An employee contract is a document that legally defines the relationship between the employer and the employee. While it is not a necessity for most job positions, a well written employee contract can help to clarify expectations and protect both parties in the case of termination, wage disputes or resignations. If you are a business owner, you may want to consider writing up an employee contract, just like Cleartrust and other top companies have. First however, you must familiarize yourself with the six most important elements of this type of document. To find out what essential points you should include in your employee document, keep reading below.
Having a compensation plan laid out is imperative to a functioning employee-employer relationship. At the very least, your employee contract should list their starting salary, especially if you have a remote team. Additional information regarding how commission is paid and how they may receive a raise in the future should also be included. Outlining the general payment information will prevent wage disputes, which is an important feature of an employee contract.
If you employee hourly workers on a steady schedule, you should include these hours in their employee contract. This will help to clarify any questions they may have. This will also protect you from a wrongful termination lawsuit should things not work out with the employee. This is particularly true if an employee is ever fired for excessive absences or excessive lateness. Protect your business from wrongful termination lawsuits by including the expected work hours of scheduled hourly employees.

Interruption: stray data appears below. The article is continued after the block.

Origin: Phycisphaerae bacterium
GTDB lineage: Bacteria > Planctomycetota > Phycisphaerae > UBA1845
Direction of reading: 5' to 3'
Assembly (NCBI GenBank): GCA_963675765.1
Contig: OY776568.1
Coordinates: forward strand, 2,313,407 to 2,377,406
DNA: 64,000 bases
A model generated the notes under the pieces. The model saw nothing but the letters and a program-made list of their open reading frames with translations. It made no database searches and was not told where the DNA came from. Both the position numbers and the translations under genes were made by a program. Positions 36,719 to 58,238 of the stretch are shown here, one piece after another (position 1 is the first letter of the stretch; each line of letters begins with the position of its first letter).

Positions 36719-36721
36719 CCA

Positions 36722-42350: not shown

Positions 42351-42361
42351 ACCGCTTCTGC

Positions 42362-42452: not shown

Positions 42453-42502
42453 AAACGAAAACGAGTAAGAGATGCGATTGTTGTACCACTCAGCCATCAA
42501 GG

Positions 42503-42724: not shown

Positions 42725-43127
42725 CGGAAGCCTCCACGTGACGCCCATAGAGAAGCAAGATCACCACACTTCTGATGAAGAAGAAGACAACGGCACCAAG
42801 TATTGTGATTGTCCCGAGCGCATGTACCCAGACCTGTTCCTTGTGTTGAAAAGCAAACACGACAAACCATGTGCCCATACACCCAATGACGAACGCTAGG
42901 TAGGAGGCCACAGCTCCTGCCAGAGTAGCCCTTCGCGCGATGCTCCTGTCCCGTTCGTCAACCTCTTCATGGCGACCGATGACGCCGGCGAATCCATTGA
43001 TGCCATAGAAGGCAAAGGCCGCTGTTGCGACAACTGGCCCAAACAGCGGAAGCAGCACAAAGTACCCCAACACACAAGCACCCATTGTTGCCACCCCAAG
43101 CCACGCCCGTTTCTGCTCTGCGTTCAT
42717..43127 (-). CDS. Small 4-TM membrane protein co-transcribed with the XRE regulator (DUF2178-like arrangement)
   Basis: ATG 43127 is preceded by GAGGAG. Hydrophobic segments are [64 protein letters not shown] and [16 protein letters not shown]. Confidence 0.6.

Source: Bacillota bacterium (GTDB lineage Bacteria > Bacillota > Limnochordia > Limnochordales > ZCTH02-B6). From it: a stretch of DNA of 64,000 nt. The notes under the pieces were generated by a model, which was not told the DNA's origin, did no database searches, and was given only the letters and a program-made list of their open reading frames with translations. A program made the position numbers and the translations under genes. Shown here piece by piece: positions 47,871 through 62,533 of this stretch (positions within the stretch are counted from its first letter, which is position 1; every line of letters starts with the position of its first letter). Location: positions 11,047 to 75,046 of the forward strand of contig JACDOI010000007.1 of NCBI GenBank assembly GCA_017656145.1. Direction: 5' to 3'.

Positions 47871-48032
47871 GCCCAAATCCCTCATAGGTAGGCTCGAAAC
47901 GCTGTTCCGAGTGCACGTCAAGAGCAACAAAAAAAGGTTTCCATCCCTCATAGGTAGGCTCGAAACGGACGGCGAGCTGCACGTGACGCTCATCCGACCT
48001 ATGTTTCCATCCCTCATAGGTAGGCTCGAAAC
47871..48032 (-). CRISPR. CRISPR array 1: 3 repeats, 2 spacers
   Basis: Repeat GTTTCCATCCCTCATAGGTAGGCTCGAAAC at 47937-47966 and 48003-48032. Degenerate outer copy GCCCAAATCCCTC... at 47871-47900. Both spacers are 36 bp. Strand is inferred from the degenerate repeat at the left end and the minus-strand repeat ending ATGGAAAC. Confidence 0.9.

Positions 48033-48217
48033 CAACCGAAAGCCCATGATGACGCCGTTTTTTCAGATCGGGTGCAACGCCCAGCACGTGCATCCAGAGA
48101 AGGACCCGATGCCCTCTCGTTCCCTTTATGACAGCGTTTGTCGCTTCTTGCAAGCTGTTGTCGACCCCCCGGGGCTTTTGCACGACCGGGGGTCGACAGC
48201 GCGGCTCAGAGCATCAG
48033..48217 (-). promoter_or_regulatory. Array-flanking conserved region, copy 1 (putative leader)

Depending on what the position has to offer, you should always outline and include employee benefits in the document. This is more important for business than even a good logo design. Benefits, including health care, 401K, pension and disability, are all plans that should be presented to the employee prior to their first day on the job. Additionally, you may want to include stipulations such as how long it will take for the employee to begin receiving benefits. Making these details known ahead of time can keep future disputes at bay.
Identifying time off is important for any type of job. Sick days and vacation opportunities should be set ahead of time so that employees can plan accordingly. By adding this section to your employee contract, you can ensure that excessive absences are avoided. This section will also help provide your business solid grounds for dismissal if necessary.
It is a good idea to list employee responsibilities in the employee contract. If you already have a prepared job description, use this as a guideline to develop a proper list of responsibilities. This will help to prevent you from having to watch the security camera all the time to make sure employees are doing their job. When you include this in the employee contract, you are making your expectations clear. This will help your employees to excel.
Grounds for termination should always be clearly stated in an employee contract. This will help prevent disputes later on because you and the employee expressly agreed to these specific terms. This is one of the most important project deliverables for an employee contract. Identifying strict rules in your employee contract will be a great help when dealing with employees.
Protection is the final essential point you should feature in your employee contract. If you are hiring someone for a position that deals in private matters of your business, it is a good idea to set up a non-disclosure agreement or something similar. When an employee has access to private or protected information, it is important that you set up parameters for them. An employee contract can help you ensure that employees keep your trade secrets.
Crafting an employee contract is an important part of owning a business, but is not part of the personal loan document requirements. Although it is not required, having this legal document handy can help save you and your business a lot of trouble in the future. Make an employee contract following these 6 key points to ensure that your business and employees thrive.
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